Health care is perfectly matched for the modern, social media landscape (Emily Peters)
Author Emily F. Peters is founder of Uncommon Bold, a San Francisco–based brand strategy studio. Reach her on Twitter: @emilyfpeters.
Facebook has 1.3 billion users, more than 900 million people use Twitter, and an hour of video is uploaded to YouTube every single second. In the last decade, social networks have fundamentally changed the ways we connect, build communities and share ninja cat GIFs.
So much about health care seems perfectly matched for this modern landscape of social media: All those heart-wrenching stories of recovery against the odds, inspiring new robotic inventions, cases of doctors who just care too much and loads of “you’ll never believe” medical research.
But when it comes to social media, the health sector is just getting started.
"Healthcare is habitually late to the party when it comes to marketing and communications, as it's a heavily regulated industry. Social media is no exception," said Amanda Changuris, a social media marketing analyst at Highmark and an advisor to the Mayo Clinic Center for Social Media.
"The good news is that there are now some truly excellent minds putting the medium through its paces for the benefit of patients, physicians and the public in general," said Changuris.
What can social media and medicine do? From organ donations to #FOMO (which stands for "fear of missing out"), here are nine ingenious examples of health care making the most of social networks:
Opening Operating Rooms to the World
If blood and gore doesn't make you squeamish, tune into live hospital video streams. Health organizations are tapping into our fascination with medicine and human anatomy by broadcasting surgical procedures via social media.
And in 2014, the doctors behind World Vasectomy Day took it a step further with a single-day live broadcast of 25 vasectomies. Over 10,000 viewers tuned in to the video stream of surgeries, international video interviews and short documentaries -- all as part of advocacy efforts to reduce fear of “the snip.”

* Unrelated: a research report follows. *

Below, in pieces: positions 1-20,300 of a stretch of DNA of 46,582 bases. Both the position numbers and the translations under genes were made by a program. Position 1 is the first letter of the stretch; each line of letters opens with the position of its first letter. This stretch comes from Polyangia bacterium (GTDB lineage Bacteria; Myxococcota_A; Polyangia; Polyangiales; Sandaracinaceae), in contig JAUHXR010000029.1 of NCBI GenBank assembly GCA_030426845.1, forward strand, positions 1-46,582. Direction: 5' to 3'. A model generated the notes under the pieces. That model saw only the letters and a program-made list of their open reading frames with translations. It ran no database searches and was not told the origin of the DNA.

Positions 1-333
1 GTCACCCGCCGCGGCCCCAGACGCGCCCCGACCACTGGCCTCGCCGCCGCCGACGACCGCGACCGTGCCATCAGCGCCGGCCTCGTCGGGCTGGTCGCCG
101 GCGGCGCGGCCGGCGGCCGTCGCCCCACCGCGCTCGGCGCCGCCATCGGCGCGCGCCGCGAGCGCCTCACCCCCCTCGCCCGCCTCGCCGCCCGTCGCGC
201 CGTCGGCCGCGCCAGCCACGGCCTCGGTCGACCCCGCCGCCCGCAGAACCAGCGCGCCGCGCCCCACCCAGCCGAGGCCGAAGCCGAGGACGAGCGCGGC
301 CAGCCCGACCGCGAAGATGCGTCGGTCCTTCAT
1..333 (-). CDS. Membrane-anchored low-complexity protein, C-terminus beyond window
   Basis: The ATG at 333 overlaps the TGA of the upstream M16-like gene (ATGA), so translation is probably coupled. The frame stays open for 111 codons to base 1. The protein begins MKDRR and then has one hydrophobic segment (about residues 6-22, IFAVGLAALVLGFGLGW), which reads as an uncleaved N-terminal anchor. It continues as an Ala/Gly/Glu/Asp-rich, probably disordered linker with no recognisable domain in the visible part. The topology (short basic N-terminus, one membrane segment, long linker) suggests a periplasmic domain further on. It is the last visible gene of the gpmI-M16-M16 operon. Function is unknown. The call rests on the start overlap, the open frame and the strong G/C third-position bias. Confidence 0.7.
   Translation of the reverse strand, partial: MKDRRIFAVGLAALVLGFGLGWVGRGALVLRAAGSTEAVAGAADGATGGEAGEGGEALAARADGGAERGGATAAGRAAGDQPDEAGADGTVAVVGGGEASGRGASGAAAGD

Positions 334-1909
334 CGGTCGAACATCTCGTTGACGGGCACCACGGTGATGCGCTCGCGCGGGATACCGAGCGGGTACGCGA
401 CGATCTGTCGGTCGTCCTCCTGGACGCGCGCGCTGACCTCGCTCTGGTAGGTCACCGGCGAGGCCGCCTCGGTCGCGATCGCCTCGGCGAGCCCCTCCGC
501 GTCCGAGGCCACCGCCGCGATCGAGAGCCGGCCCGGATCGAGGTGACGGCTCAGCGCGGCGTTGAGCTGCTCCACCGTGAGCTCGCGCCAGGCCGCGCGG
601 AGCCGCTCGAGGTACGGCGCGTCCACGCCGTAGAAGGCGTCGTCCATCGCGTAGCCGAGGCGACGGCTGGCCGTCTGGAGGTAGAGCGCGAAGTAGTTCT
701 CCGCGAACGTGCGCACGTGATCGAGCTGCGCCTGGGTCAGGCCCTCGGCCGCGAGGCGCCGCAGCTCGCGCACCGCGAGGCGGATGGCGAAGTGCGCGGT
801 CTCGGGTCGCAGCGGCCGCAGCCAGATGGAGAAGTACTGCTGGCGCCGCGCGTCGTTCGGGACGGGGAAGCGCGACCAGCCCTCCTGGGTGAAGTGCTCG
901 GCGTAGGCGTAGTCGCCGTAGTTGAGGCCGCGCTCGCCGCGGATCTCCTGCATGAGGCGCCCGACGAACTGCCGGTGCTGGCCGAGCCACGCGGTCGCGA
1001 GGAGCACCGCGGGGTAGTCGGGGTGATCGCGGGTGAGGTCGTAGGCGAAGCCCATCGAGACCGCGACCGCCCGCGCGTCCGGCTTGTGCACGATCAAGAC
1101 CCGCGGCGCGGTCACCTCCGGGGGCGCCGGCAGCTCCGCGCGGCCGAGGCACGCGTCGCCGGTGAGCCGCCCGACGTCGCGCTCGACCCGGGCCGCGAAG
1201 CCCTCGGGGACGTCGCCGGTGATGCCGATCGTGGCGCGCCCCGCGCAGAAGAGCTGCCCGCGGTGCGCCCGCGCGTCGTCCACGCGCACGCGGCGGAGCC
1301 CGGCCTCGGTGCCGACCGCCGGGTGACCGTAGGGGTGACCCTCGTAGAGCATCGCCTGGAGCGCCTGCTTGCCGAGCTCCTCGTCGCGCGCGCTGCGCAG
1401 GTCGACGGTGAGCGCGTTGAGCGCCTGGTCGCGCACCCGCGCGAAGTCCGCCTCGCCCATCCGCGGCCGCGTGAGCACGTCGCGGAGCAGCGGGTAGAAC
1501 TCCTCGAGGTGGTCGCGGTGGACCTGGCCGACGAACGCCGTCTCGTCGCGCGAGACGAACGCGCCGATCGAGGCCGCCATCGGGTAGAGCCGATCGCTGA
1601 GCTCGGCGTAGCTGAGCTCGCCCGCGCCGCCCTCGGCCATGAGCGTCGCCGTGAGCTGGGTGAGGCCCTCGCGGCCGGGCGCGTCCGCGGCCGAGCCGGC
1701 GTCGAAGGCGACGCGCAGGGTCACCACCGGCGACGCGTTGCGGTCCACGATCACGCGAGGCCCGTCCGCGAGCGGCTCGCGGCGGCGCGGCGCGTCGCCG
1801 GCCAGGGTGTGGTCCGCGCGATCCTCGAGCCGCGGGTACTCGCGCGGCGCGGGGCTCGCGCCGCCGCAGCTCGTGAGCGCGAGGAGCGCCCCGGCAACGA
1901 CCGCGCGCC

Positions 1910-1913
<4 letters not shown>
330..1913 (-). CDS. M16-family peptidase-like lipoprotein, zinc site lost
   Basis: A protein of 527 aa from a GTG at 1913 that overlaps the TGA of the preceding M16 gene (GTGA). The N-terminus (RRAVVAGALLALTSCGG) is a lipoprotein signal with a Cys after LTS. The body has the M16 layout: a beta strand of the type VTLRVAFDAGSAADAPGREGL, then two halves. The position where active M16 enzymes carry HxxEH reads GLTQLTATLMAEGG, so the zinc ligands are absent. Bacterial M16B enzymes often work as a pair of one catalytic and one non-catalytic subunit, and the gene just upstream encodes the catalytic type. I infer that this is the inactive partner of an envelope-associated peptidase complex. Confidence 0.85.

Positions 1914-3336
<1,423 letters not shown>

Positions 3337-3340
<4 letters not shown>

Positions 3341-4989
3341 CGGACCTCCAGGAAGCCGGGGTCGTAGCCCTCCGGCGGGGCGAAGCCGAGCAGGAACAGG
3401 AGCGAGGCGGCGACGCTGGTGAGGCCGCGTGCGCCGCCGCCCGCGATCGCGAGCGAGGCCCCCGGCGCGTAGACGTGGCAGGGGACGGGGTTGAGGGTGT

Crowdsourcing Tough Medical Diagnoses
The average patient who signs up to a website called CrowdMed has been sick for about eight years, spent more than $55,000 on medical expenses and still doesn’t have a diagnosis for their disease. The crowdsourcing startup helps patients reach a network of “medical detectives”— mostly healthcare professionals and medical students across 23 countries—with their tough medical cases.
One patient, Juliette (pseudonym), found a diagnosis and cure in just two weeks for a painful swelling condition that had kept her bedridden and undergoing surgery for two decades.
“Our 'medical detectives' spend an average of 11 hours per month solving medical cases on the network, which is more time than the average user spends on any other online social media,” said Jessica Greenwalt, co-founder of CrowdMed.
“They devote a lot of time to researching diagnoses and communicating with patients.”
Raising Millions for Clinical Research
When four-year-old Eliza O’Neill was diagnosed with a rare pediatric disease, her parents turned to social media with a poignant video. They’ve now raised more than $2 million for Sanfilippo Syndrome from 30,000 donors and are working with Nationwide Children’s Hospital in Ohio to speed clinical trials for a promising cure.
UCLA studied using social networks to drive up peer pressure and combat the spread of AIDS. The Harnessing Online Peer Education (HOPE) study found that social media conversations could triple the request rate for at-home HIV tests in high-risk populations in just three weeks. The researchers are now focused on expanding the study’s lessons to combat substance abuse, depression and bullying.